union. It sacrificed its Yugoslav policy to maintain the appearance, if not the reality (which did not exist), of Franco-German harmony, and apparently in vain. The EU's hoped for result, in the form of a genuine common foreign and security policy, did not emerge from Maastricht. Instead, the failure of Paris and Bonn to deal candidly with the issues that divided them disillusioned those nations that most needed the success of postwar western Europe, and especially of Franco-German cooperation, in order to face their own difficult futures.
Since then, the only apparent answer to the question of who speaks for Europe, is: no one, certainly neither Paris nor Bonn. More disturbing still, the voice seems not to be missed.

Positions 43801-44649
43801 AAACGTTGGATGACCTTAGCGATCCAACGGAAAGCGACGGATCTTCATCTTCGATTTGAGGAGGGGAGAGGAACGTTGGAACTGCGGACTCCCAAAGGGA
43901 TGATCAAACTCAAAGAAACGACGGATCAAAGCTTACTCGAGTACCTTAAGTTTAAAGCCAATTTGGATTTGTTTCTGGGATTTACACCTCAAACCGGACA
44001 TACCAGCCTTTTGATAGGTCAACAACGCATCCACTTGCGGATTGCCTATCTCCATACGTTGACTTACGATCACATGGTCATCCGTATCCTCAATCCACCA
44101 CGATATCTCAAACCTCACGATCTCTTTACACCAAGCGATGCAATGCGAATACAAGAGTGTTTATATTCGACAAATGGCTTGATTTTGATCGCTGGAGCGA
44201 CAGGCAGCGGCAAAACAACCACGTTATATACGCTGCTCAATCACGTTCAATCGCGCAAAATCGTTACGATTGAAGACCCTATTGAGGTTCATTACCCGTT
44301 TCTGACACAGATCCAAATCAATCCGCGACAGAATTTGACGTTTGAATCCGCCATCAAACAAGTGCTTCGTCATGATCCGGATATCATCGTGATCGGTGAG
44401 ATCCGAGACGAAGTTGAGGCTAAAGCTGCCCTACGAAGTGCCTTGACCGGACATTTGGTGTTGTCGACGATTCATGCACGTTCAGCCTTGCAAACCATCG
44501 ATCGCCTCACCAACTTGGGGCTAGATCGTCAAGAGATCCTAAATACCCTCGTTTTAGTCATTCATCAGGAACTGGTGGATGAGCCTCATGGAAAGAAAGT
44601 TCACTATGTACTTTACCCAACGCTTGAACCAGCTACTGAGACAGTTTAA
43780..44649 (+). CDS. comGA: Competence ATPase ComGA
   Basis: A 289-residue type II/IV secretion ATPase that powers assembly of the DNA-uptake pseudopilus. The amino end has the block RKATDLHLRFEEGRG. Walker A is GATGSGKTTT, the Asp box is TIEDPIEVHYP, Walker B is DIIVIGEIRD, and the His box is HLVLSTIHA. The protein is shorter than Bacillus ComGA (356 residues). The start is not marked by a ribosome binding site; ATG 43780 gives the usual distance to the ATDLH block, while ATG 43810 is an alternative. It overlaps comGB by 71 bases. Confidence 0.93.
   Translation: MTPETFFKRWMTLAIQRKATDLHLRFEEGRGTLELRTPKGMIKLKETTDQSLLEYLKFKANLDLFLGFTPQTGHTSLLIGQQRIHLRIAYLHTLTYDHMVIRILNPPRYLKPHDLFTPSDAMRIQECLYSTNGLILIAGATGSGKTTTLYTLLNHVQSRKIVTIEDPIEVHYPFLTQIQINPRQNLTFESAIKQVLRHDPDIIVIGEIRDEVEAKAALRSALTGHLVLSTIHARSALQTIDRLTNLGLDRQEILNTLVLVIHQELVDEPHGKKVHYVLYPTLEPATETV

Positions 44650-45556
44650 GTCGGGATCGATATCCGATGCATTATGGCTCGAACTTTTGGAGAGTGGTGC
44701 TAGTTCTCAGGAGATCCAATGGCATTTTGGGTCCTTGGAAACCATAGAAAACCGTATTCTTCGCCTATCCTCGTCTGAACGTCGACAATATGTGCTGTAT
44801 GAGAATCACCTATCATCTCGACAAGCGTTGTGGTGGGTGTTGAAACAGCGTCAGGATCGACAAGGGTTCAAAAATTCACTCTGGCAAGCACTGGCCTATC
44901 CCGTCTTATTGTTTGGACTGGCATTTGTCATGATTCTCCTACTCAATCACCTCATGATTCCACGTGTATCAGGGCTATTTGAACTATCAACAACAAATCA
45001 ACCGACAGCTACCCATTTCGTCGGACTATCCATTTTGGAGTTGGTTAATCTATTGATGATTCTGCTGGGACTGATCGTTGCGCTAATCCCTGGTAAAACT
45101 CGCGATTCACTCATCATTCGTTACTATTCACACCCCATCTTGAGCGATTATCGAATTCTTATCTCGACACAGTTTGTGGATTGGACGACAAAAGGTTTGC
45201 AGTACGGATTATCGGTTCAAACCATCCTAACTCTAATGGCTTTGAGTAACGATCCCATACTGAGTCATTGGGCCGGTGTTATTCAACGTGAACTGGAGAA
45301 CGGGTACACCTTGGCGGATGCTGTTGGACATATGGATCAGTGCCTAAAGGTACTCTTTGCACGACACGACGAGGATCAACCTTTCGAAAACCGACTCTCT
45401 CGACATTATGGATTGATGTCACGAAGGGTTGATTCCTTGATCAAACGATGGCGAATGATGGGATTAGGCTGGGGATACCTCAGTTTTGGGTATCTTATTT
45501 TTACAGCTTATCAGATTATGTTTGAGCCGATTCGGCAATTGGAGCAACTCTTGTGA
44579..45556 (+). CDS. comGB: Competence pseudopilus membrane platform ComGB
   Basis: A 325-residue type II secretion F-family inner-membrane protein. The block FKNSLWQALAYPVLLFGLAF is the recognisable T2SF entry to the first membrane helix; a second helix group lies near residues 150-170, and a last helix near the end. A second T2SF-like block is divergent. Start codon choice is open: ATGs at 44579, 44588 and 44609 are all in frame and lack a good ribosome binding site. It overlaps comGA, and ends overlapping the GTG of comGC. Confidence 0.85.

The authors wish to thank Cornelia Danier, librarian at the American Institute for Contemporary German Studies, Washington, D.C., for her invaluable research assistance in preparing this chapter.
Questia, a part of Gale, Cengage Learning. www.questia.com
Publication information: Book title: Crises in the Balkans:Views from the Participants. Contributors: Constantine P. Danopoulos - Editor, Kostas G. Messas - Editor. Publisher: Westview Press. Place of publication: Boulder, CO. Publication year: 1997. Page number: 309.
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